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It goes way back to the Beatles era. I remember hearing them talk (I think it was Sir Paul) about how at first' date=' they recorded what they planned to play live, but later, decided to stop touring completely and [b']let the album be the end goal[/b].

 

This ^^^^

 

For most of my adult life in music "The album" or the single or what have you was the focus. Bands toured to sell albums and increase airplay, which was where the real money and greater freedom to express was (is). Honestly IMO in my experience concerts sucked and I couldn't wait to get back home to the controlled environment of my listening room to hear an album or song in all its studio glory. Some of the most innovative bands were studio bands only and never toured. The concert experience was fun, but bringing that polished studio sound to stage was damn near imposible. One Cheap Trick concert in particular I remember was just a buzz of distortion and unintelligible lyrics. I remeber looking over at a friend I was with and we were both looking at each other like, "Why are we here? Why are we doing this? It sucks!"

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This ^^^^

 

For most of my adult life in music "The album" or the single or what have you was the focus. Bands toured to sell albums and increase airplay, which was where the real money and greater freedom to express was (is). Honestly IMO in my experience concerts sucked and I couldn't wait to get back home to the controlled environment of my listening room to hear an album or song in all its studio glory. Some of the most innovative bands were studio bands only and never toured. The concert experience was fun, but bringing that polished studio sound to stage was damn near imposible. One Cheap Trick concert in particular I remember was just a buzz of distortion and unintelligible lyrics. I remeber looking over at a friend I was with and we were both looking at each other like, "Why are we here? Why are we doing this? It sucks!"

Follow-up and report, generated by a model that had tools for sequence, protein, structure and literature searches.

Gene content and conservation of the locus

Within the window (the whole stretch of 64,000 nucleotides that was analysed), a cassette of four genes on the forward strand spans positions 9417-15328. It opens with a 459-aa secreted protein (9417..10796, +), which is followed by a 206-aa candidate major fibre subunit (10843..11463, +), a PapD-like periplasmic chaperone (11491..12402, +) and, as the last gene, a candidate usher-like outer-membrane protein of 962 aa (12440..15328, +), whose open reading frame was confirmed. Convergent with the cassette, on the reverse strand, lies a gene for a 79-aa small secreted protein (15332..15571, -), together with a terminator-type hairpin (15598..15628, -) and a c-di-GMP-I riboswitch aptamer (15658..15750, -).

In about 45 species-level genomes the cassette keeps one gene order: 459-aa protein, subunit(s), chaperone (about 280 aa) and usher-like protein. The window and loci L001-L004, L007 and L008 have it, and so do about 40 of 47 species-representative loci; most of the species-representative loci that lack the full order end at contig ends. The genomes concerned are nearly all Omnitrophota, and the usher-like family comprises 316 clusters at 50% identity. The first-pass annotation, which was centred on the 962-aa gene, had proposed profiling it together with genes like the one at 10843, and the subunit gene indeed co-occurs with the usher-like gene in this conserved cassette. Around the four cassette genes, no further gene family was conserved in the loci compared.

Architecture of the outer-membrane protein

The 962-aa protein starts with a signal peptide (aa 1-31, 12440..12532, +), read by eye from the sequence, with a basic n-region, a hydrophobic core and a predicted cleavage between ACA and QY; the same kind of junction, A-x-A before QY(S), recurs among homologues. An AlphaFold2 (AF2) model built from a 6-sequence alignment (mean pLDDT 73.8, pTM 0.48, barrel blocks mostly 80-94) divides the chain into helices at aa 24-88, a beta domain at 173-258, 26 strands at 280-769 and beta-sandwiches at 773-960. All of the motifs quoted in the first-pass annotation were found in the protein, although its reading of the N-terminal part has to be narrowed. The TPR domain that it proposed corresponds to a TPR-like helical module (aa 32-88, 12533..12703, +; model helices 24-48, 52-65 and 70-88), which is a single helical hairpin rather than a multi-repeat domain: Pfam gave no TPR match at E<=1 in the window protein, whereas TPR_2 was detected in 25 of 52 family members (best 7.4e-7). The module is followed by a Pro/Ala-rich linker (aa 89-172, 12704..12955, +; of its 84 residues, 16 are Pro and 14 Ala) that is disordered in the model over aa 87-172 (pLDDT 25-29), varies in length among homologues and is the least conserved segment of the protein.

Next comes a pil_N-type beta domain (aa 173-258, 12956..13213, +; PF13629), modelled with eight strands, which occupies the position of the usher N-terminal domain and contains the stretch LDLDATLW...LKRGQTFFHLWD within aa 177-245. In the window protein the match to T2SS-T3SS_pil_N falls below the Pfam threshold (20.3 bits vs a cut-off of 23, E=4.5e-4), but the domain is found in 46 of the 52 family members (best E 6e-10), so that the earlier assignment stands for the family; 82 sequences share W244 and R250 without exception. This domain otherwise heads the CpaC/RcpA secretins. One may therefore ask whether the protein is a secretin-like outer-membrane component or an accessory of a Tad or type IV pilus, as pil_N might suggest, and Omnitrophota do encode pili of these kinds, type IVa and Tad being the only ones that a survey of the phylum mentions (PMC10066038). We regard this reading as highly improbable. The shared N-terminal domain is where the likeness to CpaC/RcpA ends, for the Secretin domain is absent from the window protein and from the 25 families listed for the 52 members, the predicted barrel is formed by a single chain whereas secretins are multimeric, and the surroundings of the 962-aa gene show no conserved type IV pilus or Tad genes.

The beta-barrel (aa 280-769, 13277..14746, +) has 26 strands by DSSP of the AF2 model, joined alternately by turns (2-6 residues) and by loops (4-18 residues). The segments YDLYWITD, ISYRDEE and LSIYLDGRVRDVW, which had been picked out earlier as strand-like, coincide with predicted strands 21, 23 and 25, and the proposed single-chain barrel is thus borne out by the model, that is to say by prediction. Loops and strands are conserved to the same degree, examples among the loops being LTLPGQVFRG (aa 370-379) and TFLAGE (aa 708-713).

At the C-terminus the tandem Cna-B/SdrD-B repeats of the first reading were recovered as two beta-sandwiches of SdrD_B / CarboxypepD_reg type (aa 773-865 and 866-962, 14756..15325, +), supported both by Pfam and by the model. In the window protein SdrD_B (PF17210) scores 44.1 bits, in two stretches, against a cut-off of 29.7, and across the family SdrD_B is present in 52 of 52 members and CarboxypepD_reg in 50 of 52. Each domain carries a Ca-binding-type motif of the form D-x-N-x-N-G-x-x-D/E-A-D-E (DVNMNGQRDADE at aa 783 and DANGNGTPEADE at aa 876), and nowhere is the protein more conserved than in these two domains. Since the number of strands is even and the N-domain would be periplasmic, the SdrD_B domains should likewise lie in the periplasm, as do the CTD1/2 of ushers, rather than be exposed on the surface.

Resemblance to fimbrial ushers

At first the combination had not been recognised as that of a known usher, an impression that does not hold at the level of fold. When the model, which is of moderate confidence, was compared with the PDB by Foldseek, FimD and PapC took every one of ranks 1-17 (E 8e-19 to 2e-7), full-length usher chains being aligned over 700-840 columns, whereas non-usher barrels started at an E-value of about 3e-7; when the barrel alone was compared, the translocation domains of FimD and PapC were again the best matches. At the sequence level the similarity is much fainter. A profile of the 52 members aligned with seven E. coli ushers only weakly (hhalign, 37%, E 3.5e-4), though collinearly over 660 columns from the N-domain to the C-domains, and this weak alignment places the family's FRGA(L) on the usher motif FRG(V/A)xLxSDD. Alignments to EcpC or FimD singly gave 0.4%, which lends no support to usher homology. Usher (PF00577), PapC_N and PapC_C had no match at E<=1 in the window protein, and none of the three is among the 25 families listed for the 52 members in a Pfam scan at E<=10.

Same here. I don`t remember the last concert I went to that I felt was better than a record. I always harp on the sound system when I go because most of the time its too damn loud and everything is distorted and of course, there is always something missing in the live performance. Artists trade off parts of their record for the energy of a large crowd but something is always lost on me and its the reason I refuse to spend hundreds of dollars to go see a band or artist.

 

Last summer I went to see Rush twice. The first night they were in NJ and the sound system sucked. Two nights later we saw them at MSG and the sound was much tighter and the band sounded better. Great band with tons of music but that variability from one night to another would drive me nuts if I were touring.

 

With all that said, I loved going to hear Rush. It was truly one of the best concerts I`ve ever been to even with all the warts.

Edited by Ernest Buckley
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There's nothing new about acts trying to recreate their recordings live.

 

How many times did you see early videos/movies of bands lip syncing and faking their instruments their recordings? Granted, that's not actually performing the music they recorded, but isn't it in essence the same attempt at recreating the studio version?

 

I can also count numerous live albums that do a fantastic job duplicating their studio versions. You also have just as many bands that expand on what they did in the studio and take the music even farther.

 

Music to me is a discipline and a free art form. Recording that musical performance is a discipline and art form too. It has the result of freezing that performance in time. This can lead to the end of a work in progress and make it less inspirational for the performer and the audience.

 

The minute you nail it down and say it cant be improved the evolution of that piece of art ends. Its no longer a work in progress and the creative lamp is turned off. You can re-experience it by playing it or listening to it but there is no reason to go beyond that. Chances are a composer will move to a new blank canvas to begin a new work from scratch.

 

I do take a different view when it comes to music. I grew up reading music and see it the same as you would reading a book. You are free to interpret it as you choose. Sometimes it may be the same way as the original author intended, sometimes its much different. I often find movies made from books fail to capture what I interpreted in writing. Sometimes they do and even better job.

 

Its the same with music. If I go to see a band and all I hear is exactly what was on the recording, I'm bored silly by that performance. Yea its cool they can do it but they don't prove to me they've improved themselves as artists. I like bands that use the original recordings as a basis for something even better live. Not all players can do this. Some spend an entire lifetime becoming programed robots and have no skill to take it farther.